I never have ever spoken for Black people. And similarly, I do not speak for a great White monolith. I'm just one person with a specific perspective. I have spoken from my perspective about my peers and our shared concerns. I don't feel or represent that in my work the way that they would feel or act. I feel what I feel, make what I'm compelled to make, and will continue to push hard to include an ever-growing GLOBAL set of people and concerns in my work and see that simultaneously the world is filled with more empathy and justice.
You might have no choice about carrying your specific racial identity around with you. And to you out there feeling the weight of that and perhaps social stigma from that or from your religious convictions or if you are worried ICE is around the corner because of your national origin, I owe you an apology. The thing is, two years into the Obama administration I started to really believe we might be entering a "post-racial" period in American history and I turned my focus to issues of gender and masculinity in my production and for the most part stopped dealing with race as my primary impetus for art production. THAT is perhaps the truest kind of White privilege. I got tired. Tired, I put the yoke down. Because I am White. I don't have to carry it, right? To my allies, I admit I got to a point where I was wondering if the racial nature of my work might be keeping me out of (Black and White) gallery spaces. Could I “broaden” the scope of my work to more universal topics or what I thought were broader perspectives? Well, I'm clocking back in. “45” is president. Synagogues are being threatened with bombs, dozens of little Black girls in DC are going missing, Muslims are being persecuted and daily we are seeing legislation coming down the pike meant to break lower income and underserved communities (looking at you poor Whites).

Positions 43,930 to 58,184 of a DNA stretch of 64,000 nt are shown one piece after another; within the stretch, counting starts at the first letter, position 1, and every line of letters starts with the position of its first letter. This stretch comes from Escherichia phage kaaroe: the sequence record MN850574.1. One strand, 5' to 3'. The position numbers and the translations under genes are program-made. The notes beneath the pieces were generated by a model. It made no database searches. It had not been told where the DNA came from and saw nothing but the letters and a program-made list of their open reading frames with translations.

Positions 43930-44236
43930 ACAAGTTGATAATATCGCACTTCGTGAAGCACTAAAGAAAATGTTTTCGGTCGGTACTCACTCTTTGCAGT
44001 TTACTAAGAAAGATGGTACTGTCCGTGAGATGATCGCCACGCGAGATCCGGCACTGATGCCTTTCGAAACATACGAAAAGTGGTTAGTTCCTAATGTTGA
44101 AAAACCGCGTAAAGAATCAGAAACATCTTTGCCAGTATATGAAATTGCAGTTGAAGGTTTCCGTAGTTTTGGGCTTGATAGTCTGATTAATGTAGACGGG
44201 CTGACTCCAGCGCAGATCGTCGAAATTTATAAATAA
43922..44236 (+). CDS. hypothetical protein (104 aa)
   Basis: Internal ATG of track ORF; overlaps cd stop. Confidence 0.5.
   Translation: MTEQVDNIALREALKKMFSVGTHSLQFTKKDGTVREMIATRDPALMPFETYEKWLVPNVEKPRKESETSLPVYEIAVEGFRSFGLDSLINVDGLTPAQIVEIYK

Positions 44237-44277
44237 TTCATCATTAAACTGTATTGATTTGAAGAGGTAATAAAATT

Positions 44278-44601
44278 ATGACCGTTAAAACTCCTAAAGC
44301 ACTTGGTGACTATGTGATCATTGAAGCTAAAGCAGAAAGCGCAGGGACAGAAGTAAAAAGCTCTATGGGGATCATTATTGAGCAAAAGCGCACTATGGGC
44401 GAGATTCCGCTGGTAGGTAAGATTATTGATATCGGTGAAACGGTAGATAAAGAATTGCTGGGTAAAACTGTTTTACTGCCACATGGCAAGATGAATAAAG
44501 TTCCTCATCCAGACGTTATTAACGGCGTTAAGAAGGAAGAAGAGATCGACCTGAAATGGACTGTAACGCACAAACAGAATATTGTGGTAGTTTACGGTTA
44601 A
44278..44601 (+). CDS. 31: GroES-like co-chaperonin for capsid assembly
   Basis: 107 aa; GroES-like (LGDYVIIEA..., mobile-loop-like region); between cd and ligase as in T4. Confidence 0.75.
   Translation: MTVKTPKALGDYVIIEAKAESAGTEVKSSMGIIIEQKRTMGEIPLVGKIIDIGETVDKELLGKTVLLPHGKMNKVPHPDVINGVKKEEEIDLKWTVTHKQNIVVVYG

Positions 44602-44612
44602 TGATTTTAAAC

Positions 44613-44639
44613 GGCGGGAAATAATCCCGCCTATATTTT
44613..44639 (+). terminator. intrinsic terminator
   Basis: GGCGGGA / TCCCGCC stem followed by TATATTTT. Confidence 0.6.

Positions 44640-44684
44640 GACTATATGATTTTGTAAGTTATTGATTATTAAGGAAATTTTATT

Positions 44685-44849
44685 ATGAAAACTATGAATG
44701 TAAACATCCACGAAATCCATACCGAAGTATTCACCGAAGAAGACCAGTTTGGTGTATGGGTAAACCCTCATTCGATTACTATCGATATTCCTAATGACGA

I approach every painting I do that isn't a self-portrait (and even some of them) AS AN OUTSIDER. Looking in, searching for understanding, hoping for truth and if I get it even close to right or you can say "amen" to it, I am pleased.